For example: There was a news story in the Boston Globe about Christmas presents being given to 2600 homeless children in the city. 2600 HOMELESS CHILDREN. Why isn’t that a daily article because that is a scandal.

For example: When anyone died for lack of health insurance, why isn’t that featured? It should be pounded the same way the fluff OJ-Peterson stories are.

For example: when Sen. Warner said to Tim Russett Dec. 29th that the Iraqis seem to lack the will to fight there were many possible follow up questions. Why? Why are we fighting for something they aren’t willing to fight
for? That was a major statement among his fluff on how the war wasn’t really as bad as it seemed. Tim ignored the statement.

For example when Rumsfeld talks about the horror of public beheadings, why not a story on the difference between personal murder on television (individual) and impersonal murder (night after night of bombings)?

For example: We had body counts in Vietnam, Why can’t we get them in Iraq? Why aren’t we asking why the Army isn’t counting?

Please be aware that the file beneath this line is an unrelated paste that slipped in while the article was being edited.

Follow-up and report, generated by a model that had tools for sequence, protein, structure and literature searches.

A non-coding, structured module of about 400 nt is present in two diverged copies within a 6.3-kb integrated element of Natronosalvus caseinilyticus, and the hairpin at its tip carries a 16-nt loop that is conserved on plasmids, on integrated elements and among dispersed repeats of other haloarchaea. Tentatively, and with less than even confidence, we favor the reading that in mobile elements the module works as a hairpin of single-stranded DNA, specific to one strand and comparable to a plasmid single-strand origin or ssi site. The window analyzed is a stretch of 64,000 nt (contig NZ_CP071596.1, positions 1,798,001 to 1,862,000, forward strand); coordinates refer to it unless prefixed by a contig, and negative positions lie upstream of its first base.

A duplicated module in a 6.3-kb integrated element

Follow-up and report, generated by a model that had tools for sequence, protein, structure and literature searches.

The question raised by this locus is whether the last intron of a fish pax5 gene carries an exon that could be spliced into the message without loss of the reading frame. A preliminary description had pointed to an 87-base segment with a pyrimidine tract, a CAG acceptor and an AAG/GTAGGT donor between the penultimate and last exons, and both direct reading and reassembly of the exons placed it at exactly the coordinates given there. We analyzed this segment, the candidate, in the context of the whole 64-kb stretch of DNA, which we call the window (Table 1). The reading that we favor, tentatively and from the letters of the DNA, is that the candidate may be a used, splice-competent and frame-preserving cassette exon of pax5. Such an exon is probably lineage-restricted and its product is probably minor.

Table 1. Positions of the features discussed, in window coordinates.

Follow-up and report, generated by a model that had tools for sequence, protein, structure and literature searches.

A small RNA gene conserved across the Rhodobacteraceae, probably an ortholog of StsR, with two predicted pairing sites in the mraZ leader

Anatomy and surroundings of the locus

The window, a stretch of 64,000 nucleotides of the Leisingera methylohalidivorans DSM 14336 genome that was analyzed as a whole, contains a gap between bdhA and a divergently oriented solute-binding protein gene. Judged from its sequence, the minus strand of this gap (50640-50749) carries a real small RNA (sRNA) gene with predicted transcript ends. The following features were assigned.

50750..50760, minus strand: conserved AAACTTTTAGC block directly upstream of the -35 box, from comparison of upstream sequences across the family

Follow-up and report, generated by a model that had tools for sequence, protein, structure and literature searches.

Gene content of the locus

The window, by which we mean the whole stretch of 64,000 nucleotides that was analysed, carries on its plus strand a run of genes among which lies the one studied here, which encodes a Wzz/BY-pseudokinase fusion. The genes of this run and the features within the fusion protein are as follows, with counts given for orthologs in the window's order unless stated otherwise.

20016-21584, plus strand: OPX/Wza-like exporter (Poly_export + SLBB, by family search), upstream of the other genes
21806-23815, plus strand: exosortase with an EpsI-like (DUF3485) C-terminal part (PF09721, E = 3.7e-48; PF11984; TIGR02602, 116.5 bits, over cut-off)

For example: Why aren’t we doing more on the torture stories.

For example: Why not some features on bias in newscasting? Why use the word insurgent vs. freedom fighter vs. terrorist. Liberator vs. occupier.

For example: Why did CNN use all the clever graphics and music during the war making war entertainment not news? How about a story on how war is presented to the public?

For example: Why hasn’t been a story done on Catholic charities being told they would lose funding if they did too much for the people of Haiti? Has anyone talked to aid workers on what is happening on the ground regularly? Any aid worker in Latin America during Reagan knew who the CIA agents and they also know that reporters often sit in the bar waiting for stories to come to then. When they are in the field they can report daily movements of helicopters across borders. I don’t see that covered in the same depth as it should have been.